During the day the police went to Haldon taking with them the prisoners' boots one of Westcott's boots corresponded exactly with a footprint found on the spot where on one occasion during the night the poachers had been brought to bay.

Arthur Bennet, under gamekeepeer to Sir lawrence Palk, was first called and bore out the facts stated by counsel, In cross examination he said when the men threatened to blow his brains out he didn't think much about anything, but he thought possibly they might fire at him. A man named Spencer was apprehended as the third man sen at Haldon on thisnight but witness did not positively swear to Spencer, he simply believed him to be the third man.

Mr St Aubyn said he did not mean to impute to the witness that he wastelling a lie but on the information upon which a warrant was grantedwitness did positively swear that Spencer was one of the three men.

Witness, I did not swear he was one of the men I only said he resembled one.

His Lordship said the witness certainly did say that Spencer was one of the men but it was true that when he was cross examined by the magistrates he only said he believed Spencer was one of the three.What thelearned counsel now meant was that as the witness made a mistake with regard to one man he might make a mistake with regard to another.
Witness said he made no mistake as to Westcott and Wotton, he was sure as to their identity.

P.C Gillard spoke to apprehending the prisoners, In cross examinationhe said when he stopped the men there were blades of grass about their wet boots, He was sure they told him they went over the bridge ten minutes previously, but he was certain they had not passed over

Q, have you heard of the defence these men are going to set up?
A . yes

Q and is not his statement as to the ten minutes very important evidence which it is supposed they are going to set up.

A I should think it was, rather Mr St. Aubyan, I should think it was,very - ( laughter) - He heard that Mr Wotton's father lived at Ide. Did not know if there was a path from Ide to Exeter through fields.

P.C Dimond said when the prisoners were apprehended they said they had only just left home. He went out to Haldon, to compare Westcott's boots with the foot tracks and he found they exactly corresponded. Had not brought either of the 'tracks' here because the soil was sandy and would not bear removal.

Inspector Wreford said when apprehended Wotton said ' I hope I may drop dead if it is me' I have never shot a bird in my life, I have a rabbit or two' and Westcott said ' nor have I

Mr St, Aubyn for the defence said, if his instructions were true - and the responsibiity of the the defence did not rest with him, then these were not the two men who were on Sir Lawrence Palk's land that night. He did not blame the keepers who gave evidence, and he consideredthey acted in a very praiseworthy and plucky manner in following those men who were carrying guns, and who threatened to shoot them. At thesame time he asked them to believe that
never having seen the men before the witnesses had made a mistake.

He the called the following witnesses

Samuel Wotton, father of the prisoner of that name, said he lived with his wife and daughter at Ide. On the night in question, about a quarter past eight oclock, his son came to his house to see his sister. His son said he was tired and witness persuaded him to stay there the night and go to bed there. His son did so and slept in the same room leaving the house at past five oclock the next morning, He did not give his evidence before the magistrates.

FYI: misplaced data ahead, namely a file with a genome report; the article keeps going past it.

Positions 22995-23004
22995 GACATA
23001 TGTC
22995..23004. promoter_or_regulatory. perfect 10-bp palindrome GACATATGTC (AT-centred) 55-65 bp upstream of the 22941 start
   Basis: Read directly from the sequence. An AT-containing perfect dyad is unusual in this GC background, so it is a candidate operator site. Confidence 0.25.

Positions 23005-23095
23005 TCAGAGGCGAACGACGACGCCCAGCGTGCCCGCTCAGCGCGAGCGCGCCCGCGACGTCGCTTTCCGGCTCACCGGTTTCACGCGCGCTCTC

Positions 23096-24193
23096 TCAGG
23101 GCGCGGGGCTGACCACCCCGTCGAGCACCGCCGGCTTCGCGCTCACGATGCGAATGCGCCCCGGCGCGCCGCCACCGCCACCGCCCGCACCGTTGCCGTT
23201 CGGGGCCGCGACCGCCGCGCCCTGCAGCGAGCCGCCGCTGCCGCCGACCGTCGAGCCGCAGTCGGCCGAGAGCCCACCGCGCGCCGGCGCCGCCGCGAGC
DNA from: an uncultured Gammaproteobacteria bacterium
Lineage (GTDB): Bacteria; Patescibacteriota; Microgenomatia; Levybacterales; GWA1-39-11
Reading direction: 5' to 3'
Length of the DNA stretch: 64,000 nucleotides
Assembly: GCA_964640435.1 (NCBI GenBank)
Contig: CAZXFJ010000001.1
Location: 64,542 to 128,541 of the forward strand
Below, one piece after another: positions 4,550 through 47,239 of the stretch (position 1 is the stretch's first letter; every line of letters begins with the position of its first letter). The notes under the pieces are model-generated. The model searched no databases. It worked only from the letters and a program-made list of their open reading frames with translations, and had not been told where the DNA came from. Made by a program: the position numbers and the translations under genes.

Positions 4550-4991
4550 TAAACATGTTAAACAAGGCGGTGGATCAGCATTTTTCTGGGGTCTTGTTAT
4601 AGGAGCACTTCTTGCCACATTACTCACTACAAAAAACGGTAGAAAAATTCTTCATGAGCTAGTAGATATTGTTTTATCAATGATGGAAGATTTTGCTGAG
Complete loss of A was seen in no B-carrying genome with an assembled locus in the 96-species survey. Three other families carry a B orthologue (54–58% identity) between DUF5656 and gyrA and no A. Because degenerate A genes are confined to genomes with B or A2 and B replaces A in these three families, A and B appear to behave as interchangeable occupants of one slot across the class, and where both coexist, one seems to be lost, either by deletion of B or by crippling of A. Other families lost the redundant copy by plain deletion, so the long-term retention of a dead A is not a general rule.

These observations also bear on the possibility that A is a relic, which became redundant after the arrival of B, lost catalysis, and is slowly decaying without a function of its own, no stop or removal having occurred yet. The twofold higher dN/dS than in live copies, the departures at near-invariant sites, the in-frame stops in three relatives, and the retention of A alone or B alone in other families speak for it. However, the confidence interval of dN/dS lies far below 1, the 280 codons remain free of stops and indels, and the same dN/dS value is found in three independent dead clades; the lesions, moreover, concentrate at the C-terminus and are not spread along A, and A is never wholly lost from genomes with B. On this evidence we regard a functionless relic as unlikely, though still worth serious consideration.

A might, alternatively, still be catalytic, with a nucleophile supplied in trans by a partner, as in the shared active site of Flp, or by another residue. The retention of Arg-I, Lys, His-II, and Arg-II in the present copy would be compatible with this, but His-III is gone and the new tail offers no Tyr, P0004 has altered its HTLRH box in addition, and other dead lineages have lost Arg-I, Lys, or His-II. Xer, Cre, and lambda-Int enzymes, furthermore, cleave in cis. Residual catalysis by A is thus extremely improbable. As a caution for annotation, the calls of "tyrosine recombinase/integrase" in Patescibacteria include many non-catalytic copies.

His Lordship, what did you have for dinner that night?
A, a rasher of bacon and two or three fried potatoes

Elizabeth Wotton, Mother of the prisoner corroborated last witnesse'sstatement, her son had supper with them it was a little fried potatoes and some meat, she believed it was beef.

His Lordship, was it beef or bacon
Witness said she was not certain but she thought it was beef.

Elizabeth Westcott, Mother of the prisoner said her son lived in Anchor Lane Exe Island.Her Son was at home from 8-oclock until eleven and then went to bed. She did not know what time her son went out in the morning. She aw him getting up and heard him say he was going out to get some Christmassing, He came back about half past six oclock, he was not away more than an hour.

William Conibear living in the same house as the last witness corroborated her evidence

Mr Bucknill, in reply contended that the witnesses for the defence were mistaken as to the dates to which they referred. If it had been on the day they said they would have given evidence before the magistrates.

His Lordship in summing up, said the jury had heard a good deal of what he thought would have been better left out of courts of justice.poaching was an offence and in his opinion a very bad offence which oughtto be put down just the same as any other crime. But there was no reason why it should be put down more than any other offence, only being an offence against the law, it ought to be put down as far as possible, With regard to what had occurred extraneous to the merits of the case, he was unwilling to believe that any juror would be led astray by those common topics which were sometimes addressed to them on the game laws and the offence of poaching.In his opinion it was not easy to state the amount of crime to which poaching gave rise. People began poaching and ended up with something much worse. But he thought next to notpoaching at all the best thing a poacher could do was run away as fast as possible when he saw the keepers. The conflicts, when they came together were most serious and very often gave rise to charges of murder. In this case he did not believe the persons persued intented to carry out their threats, for, bad as poaching was , it was not often thatpoachers did fight unless they were opposed by overwhelming numbers.